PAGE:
Vern takes up his story again:

“Because the electrical business was going so well, and growing so fast at that stage, the tyre and battery side was ‘put on the shelf’. Besides, there were a number of other bigger tyre companies opening up in the area. So, they switched their focus to the electrical business, which boomed because of the close relationship the business had with Subiaco and its people.

“Dad said that he was pretty glad to see the back of the tyre and battery business because of the smells. They would vulcanise the rubber to patch the tyres and recap them and the stench of burning rubber would fill the air.

“And then there were the batteries, bubbling away with their harsh acid-smell they created while they were recharged. Combine that with the steam from the boiler and unbearable heat of the furnace, all confined within the walls of a solid brick property, originally designed as a shop, with no ventilation, it was not only unpleasant but also a fire trap.”

Pictured: Our original premises, 140 Rokeby Road, Subiaco

Excerpt from our book: '100 Not Out' by Ross Addison

AN ‘ELECTRIFYING’ TIME (cont.)

The tyre business followed, with a retreading service proving to be a smart move due to the high cost of new car tyres, which they also stocked. They used steam boilers in what was called ‘recapping’ and, even though the equipment was quite primitive by today’s standards, they must have done a pretty good job, because they had customers in their cars lined up around the corner that unfortunately led to the odd traffic jam.

Eventually the brothers shifted the business to bigger premises with more options when they purchased 83 Rokeby Road, on the opposite side of their original site, closer to Hay Street.

Vern takes up his story again:

“Because the electrical business was going so well, and growing so fast at that stage, the tyre and battery side was ‘put on the shelf’. Besides, there were a number of other bigger tyre companies opening up in the area. So, they switched their focus to the electrical business, which boomed because of the close relationship the business had with Subiaco and its people.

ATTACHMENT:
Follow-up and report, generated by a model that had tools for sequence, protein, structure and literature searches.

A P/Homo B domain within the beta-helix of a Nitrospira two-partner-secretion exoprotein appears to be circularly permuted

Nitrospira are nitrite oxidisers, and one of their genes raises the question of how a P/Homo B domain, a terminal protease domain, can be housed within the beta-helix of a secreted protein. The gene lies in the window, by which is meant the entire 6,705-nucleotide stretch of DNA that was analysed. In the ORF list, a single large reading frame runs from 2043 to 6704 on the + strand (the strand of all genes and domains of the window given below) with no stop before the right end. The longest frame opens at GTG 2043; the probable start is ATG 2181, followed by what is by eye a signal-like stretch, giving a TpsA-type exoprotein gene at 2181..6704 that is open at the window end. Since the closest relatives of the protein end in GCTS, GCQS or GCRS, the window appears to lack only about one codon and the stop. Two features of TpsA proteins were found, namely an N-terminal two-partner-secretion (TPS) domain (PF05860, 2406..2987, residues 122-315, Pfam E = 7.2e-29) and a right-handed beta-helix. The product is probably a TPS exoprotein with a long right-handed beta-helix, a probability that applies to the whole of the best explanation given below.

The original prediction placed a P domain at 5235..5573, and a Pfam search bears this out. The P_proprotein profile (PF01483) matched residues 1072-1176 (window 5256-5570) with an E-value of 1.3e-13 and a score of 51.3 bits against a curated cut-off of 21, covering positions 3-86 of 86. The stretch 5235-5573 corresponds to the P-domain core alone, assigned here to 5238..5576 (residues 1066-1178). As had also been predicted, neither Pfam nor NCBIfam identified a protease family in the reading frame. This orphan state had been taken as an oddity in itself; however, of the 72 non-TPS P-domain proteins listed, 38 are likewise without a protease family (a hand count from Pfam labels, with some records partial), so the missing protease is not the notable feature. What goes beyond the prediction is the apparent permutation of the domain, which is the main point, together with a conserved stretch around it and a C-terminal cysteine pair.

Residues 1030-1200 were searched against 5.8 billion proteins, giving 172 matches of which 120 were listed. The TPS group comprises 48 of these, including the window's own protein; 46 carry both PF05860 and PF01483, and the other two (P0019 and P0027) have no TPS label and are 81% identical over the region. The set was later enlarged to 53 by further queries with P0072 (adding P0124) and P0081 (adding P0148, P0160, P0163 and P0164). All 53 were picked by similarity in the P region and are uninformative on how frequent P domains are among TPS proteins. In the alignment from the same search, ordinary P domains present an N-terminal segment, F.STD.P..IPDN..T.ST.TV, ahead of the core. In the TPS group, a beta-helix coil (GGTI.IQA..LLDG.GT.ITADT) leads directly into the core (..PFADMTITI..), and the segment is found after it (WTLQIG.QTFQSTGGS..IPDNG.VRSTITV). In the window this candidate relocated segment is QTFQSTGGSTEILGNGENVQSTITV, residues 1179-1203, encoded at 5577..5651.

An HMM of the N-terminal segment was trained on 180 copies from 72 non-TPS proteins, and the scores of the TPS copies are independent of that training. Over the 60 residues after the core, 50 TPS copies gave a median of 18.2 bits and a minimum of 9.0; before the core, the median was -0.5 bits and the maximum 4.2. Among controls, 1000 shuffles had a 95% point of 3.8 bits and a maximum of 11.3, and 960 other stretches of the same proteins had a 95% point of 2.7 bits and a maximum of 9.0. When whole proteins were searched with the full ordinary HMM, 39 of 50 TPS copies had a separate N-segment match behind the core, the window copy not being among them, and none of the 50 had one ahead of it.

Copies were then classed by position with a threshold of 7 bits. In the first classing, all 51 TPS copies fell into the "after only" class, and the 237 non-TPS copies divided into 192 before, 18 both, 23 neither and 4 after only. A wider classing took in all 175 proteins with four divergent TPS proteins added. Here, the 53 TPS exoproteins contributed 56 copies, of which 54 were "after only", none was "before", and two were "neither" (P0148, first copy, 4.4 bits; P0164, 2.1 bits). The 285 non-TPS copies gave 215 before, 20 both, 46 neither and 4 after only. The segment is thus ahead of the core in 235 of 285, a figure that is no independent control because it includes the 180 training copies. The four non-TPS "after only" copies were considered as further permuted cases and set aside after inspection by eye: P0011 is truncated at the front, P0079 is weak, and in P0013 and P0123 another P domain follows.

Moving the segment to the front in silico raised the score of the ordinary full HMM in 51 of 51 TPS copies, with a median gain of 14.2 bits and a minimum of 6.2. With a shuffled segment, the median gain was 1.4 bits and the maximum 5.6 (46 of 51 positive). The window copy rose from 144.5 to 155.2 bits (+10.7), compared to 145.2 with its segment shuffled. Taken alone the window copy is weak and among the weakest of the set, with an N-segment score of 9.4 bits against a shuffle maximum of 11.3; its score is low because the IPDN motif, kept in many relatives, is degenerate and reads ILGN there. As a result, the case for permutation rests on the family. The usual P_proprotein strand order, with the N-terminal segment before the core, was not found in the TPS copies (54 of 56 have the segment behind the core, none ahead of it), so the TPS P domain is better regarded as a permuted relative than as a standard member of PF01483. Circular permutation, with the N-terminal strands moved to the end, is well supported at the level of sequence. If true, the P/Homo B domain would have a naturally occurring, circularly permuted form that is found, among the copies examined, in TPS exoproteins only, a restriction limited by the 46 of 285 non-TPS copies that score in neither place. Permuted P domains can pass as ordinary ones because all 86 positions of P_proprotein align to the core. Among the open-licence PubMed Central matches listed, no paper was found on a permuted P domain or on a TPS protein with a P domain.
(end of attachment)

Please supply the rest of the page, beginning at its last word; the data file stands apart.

“Dad said that he was pretty glad to see the back of the tyre and battery business because of the smells. They would vulcanise the rubber to patch the tyres and recap them and the stench of burning rubber would fill the air.

“And then there were the batteries, bubbling away with their harsh acid-smell they created while they were recharged. Combine that with the steam from the boiler and unbearable heat of the furnace, all confined within the walls of a solid brick property, originally designed as a shop, with no ventilation, it was not only unpleasant but also a fire trap.”

Pictured: Our original premises, 140 Rokeby Road, Subiaco

Excerpt from our book: '100 Not Out' by Ross Addison

Looks like a working holiday could be on the cards
02/06/2021

Looks like a working holiday could be on the cards

Looks like a working holiday could be on the cards

30/05/2021

Molly is a dream on the lead - check her out!!

AN ‘ELECTRIFYING’ TIME (cont.)Young Cecil Hiddlestone, or ‘Cec’ as his name, like his brother Bert’s, would also be shor...
18/05/2021

AN ‘ELECTRIFYING’ TIME (cont.)

Young Cecil Hiddlestone, or ‘Cec’ as his name, like his brother Bert’s, would also be shortened to, didn’t care too much for school and spent all his weekends and spare time helping his older brothers out in the shop and on job sites. He was keen to join Howard and Bert and would, in years to come, play a major role in shaping the future of the family business.

Even back then, the idea of a ‘mixed business’ outlet was taking root - with Howard running his growing electrical business from premises that would later also house an automobile tyre and battery service. One half of the shopfront was for the range of car batteries, tyres and a retreading and repair services and the other side was for their electrical wiring and contracting business, with Bert overseeing the smooth running of both businesses.